Switching jobs is a big milestone, whether you’re taking on a new career or just ready for a fresh start in a familiar industry. It’s a busy time, but it’s also a time when revisiting your financial goals and implementing a clear plan is essential. 

This is exactly what an independent financial advisor is here to do – to turn questions into definitive statements, and what can be an unsettling time into a transformative one – not just for right now, but for the future, too. 

Here are a few key reasons to pay more attention to your finances as you change jobs. 

Any Change in Income is Always Worth a Fresh Look at Your Finances

Whether you’re going to be bringing in more each month or less, any change in income should prompt you to ‘go back to the drawing board’ and create a clear breakdown of your incomings and outgoings. 

Money worries are often brought about by uncertainty. When we don’t feel as though we have a clear perspective or full control over the incomings and outgoings, the temptation to bury our heads in the sand is very strong. But taking a fresh, open-minded look at the bank statements and direct debits is the best way to make positive changes – and, in the process, regain that sense of control. 

From identifying payments that are no longer necessary to ensuring that your money isn’t idling unnecessarily in a current or savings account by building your investments, take advantage of this opportunity to hit ‘reset’ on your financial literacy. 

There’s No Better Time to Start Working Toward Your Long-Term Goals

In an ideal world, we would all have a very clear and actionable plan for meeting our long-term financial goals, but the ongoing push-and-pull of life can mean that we focus all of our attention on the immediate goals – paying the mortgage, gas and electricity, the food bills…

But, with the right plan in place, you’ll be able to get on with life without fretting over your immediate or long-term needs and goals. A strong financial plan will prove manageable on a day-to-day basis, while gradually – and, most importantly, sustainably – contributing to the future. 

This is a lot better than forgetting about those future goals for weeks or months at a time, then making sporadic deposits into your savings in apology to your future self. 

It’s always a good time to start working with a financial advisor to implement a plan of this scale, but a change in your financial situation is arguably the best possible time to start afresh with new goals and new strategies. 

You’ll Want to Keep On Top of Your Pension(s) 

Whenever you switch jobs, you’re automatically enrolled in a new company pension (provided you meet the conditions). Any company pensions set up on your behalf previously will still belong to you, but you’ll need to get proactive about consolidating them – or risk losing track of where your money is invested, and how much you’ve got tied into dormant schemes.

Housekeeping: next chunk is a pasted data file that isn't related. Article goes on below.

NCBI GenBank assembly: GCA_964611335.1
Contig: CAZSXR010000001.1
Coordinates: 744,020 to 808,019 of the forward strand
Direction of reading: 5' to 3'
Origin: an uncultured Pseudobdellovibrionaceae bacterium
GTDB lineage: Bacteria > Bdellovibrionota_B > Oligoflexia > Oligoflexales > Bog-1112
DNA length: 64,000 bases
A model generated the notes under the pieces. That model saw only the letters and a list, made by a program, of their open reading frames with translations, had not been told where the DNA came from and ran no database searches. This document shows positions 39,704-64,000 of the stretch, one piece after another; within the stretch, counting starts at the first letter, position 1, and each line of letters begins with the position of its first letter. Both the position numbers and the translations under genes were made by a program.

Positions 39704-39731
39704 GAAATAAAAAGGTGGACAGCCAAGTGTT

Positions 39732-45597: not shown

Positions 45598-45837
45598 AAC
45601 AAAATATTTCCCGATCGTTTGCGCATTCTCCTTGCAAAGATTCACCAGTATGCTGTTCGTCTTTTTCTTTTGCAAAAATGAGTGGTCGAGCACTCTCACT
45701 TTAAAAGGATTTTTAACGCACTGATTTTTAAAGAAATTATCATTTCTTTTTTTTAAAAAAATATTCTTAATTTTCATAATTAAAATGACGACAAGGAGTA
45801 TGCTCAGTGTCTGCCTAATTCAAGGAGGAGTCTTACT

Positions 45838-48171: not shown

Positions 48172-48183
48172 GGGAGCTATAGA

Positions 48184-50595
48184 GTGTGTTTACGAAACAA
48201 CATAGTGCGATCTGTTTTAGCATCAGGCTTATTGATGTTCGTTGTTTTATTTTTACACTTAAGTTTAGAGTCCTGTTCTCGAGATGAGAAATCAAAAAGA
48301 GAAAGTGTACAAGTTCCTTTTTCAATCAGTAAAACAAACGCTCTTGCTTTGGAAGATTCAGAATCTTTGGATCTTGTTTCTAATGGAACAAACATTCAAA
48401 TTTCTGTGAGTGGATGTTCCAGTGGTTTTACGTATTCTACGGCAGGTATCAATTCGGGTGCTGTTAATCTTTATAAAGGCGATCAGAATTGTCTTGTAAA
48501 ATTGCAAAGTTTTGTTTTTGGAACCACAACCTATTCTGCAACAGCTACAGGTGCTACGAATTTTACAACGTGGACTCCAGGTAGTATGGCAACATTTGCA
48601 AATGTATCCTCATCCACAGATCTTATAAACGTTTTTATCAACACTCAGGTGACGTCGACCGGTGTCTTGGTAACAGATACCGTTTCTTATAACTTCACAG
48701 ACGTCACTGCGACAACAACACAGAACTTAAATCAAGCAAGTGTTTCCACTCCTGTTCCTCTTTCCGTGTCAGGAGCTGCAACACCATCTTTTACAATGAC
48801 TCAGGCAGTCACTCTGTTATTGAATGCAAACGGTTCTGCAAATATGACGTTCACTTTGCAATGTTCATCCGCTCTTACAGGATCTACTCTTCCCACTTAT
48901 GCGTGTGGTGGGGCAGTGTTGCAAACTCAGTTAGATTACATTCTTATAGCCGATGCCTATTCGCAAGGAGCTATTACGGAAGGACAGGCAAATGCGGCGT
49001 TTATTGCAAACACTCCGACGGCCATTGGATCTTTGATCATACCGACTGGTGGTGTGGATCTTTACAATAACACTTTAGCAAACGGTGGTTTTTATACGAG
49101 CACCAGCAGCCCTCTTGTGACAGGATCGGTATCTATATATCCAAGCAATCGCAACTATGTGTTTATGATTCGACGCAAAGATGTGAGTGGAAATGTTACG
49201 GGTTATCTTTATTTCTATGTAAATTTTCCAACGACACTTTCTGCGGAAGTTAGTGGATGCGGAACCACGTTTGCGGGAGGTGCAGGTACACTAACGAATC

In the UK, the average worker changes jobs more than 17 times in their working life. While some of these changes will likely take place before you’re eligible for a workplace pension – for instance, if you had a part-time job as a teenager – there’s still plenty of scope for forgotten pensions.

It’s no good deferring a look at your pension(s) until some indeterminate point in the future. Planning for retirement should begin relatively early on in your working life, or you may not be able to meet your goals and standard of living when the time does eventually come for you to retire. 

If You’ve Been Out of Work for a While, This is a Good Opportunity to Shore Up Your Rainy-Day Fund 

The national average for securing a new job is between 6 and 7 months, although not everyone will be ‘out of work’ in that time. Plenty of people will remain in employment right up until they change jobs, although 2023 is still being colloquially referred to by some as “the year of redundancies”.

This is, of course, what rainy-day funds/savings are for. While it’s true that much of our accrued wealth is better served through investments rather than being left to gather the often nominal interest offered by high street banks, it’s always a good idea to have a certain amount set aside for mitigating situations like temporary unemployment. 

What that does mean, of course, is that new employment necessitates a little more time, attention and, most importantly, money being invested into getting your rainy-day fund back to good health. 

This doesn’t need to be a huge burden, and you can’t hope to get it back up to its original level with your first paycheque. In fact, it can (and should) be factored into your new financial plan – a sustainable investment, along with other investments that look further into the future, and offer the potential for long term capital growth.

The value of your investment can go down as well as up and you may not get back the full amount you invested. Past performance is not a reliable indicator of future performance.